Human evolution; our dads are different than ape dads (Introduction)

by David Turell @, Thursday, January 17, 2019, 21:02 (158 days ago) @ David Turell

A new study shows how different:

https://aeon.co/essays/the-devotion-of-the-human-dad-separates-us-from-other-apes?utm_s...

"Among our close animal relatives, only humans have involved and empathic fathers. Why did evolution favour the devoted dad?

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"So necessary is this trait to the survival of our species that it is underpinned by an extensive, interrelated web of biological, psychological and behavioural systems that evolved over the past half a million years. Yet, until 10 years ago, we had neglected to try to understand this trait, due to the misguided assumption that it was of no significance – indeed, that it was dispensable. This trait is human fatherhood,

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"To understand the role of the father, we must first understand why it evolved in our species of ape and no other. The answer inevitably lies in our unique anatomy and life history. As any parent knows, human babies are startlingly dependent when they are born. This is due to the combination of a narrowed birth canal – the consequence of our bipedality – and our unusually large brains, which are six times larger than they should be for a mammal of our body size.

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"This has meant that, to ensure the survival of mother and baby and the continued existence of our species, we have evolved to exhibit a shortened gestation period, enabling the head to pass safely through the birth canal. The consequence of this is that our babies are born long before their brains are fully developed. But this reduced investment in the womb has not led to an increased, compensatory period of maternal investment after birth. Rather, the minimum period of lactation necessary for a child to survive is likewise drastically reduced; the age at weaning of an infant child can be as young as three or four months. A stark contrast to the five years evident in the chimp. Why is this the case?

"If we, as a species, were to follow the trajectory of the chimpanzee, then our interbirth interval (the time between the birth of one baby and the next) would have been so long; so complex and so energy-hungry is the human brain that it would have led to an inability to replace – let alone increase – our population. So, evolution selected for those members of our species who could wean their babies earlier and return to reproduction, ensuring the survival of their genes and our species. But because the brain had so much development ahead of it, these changes in gestation and lactation lengths led to a whole new life-history stage – childhood – and the evolution of a uniquely human character: the toddler.

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"But 500,000 years ago, our ancestors’ brains made another massive leap in size, and suddenly relying on female help alone was not enough. This new brain was energetically hungrier than ever before. Babies were born more helpless still, and the food – meat – now required to fuel our brains was even more complicated to catch and process than before. Mum needed to look beyond her female kin for someone else. Someone who was as genetically invested in her child as she was. This was, of course, dad.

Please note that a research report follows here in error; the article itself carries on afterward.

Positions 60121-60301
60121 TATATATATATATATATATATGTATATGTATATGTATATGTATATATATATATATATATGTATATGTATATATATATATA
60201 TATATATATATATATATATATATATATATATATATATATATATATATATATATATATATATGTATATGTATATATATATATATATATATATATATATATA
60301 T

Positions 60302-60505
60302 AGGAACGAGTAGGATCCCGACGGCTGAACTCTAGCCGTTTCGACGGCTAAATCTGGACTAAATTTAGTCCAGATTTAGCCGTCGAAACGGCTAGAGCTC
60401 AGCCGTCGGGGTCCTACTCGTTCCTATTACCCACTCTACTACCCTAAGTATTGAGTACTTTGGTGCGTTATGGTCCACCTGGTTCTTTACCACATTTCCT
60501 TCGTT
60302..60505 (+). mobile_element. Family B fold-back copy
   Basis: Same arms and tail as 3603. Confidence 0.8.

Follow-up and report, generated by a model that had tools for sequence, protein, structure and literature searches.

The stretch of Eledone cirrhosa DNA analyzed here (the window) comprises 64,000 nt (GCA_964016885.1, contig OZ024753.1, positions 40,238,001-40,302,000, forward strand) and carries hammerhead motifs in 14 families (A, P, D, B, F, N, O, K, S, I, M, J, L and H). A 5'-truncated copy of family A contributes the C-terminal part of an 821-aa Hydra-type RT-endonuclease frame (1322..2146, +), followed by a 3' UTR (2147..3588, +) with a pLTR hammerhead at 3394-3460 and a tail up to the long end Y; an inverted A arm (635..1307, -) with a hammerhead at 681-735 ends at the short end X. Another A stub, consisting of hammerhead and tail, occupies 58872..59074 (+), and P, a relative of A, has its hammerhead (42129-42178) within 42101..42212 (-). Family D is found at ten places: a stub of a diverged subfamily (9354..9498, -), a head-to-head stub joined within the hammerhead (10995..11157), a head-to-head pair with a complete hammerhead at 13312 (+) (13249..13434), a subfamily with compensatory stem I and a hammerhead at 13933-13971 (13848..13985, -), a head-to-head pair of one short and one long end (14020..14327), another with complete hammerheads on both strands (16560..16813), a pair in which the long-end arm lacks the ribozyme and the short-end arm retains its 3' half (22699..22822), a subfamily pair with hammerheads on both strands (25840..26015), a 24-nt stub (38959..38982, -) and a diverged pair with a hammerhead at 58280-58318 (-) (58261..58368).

"Without dad’s input, the threat to the survival of his child, and hence his genetic heritage, was such that, on balance, it made sense to stick around. Dad was incentivised to commit to one female and one family while rejecting those potential matings with other females, where his paternity was less well-assured.

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"Mothers, still focused on the production of the next child, would be restricted in the amount of hands-on life experience they could give their teenagers, so it was dad who became the teacher.

"This still rings true for the fathers whom my colleagues and I research, across the globe, today. In all cultures, regardless of their economic model, fathers teach their children the vital skills to survive in their particular environment.

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"Fathers are so critical to the survival of our children and our species that evolution has not left their suitability for the role to chance. Like mothers, fathers have been shaped by evolution to be biologically, psychologically and behaviourally primed to parent. We can no longer say that mothering is instinctive yet fathering is learned.

"The hormonal and brain changes seen in new mothers are mirrored in fathers. Irreversible reductions in testosterone and changes in oxytocin levels prepare a man to be a sensitive and responsive father, attuned to his child’s needs and primed to bond – and critically, less motivated by the search for a new mate. As a man’s testosterone drops, the reward of chemical dopamine increases; this means that he receives the most wonderful neurochemical reward of all whenever he interacts with his child.

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"Men have evolved to father and to be an equal but crucially different part of the parenting team. By not acknowledging who they are or supporting what they do, we are really missing a trick. Some 80 per cent of men aspire to become fathers. I believe it is time we made the effort to get to know who they really are."

Comment: Very long extremely interesting article. It all seems to be the fault of such a huge brain size and the time to become adult.. No ape does this.


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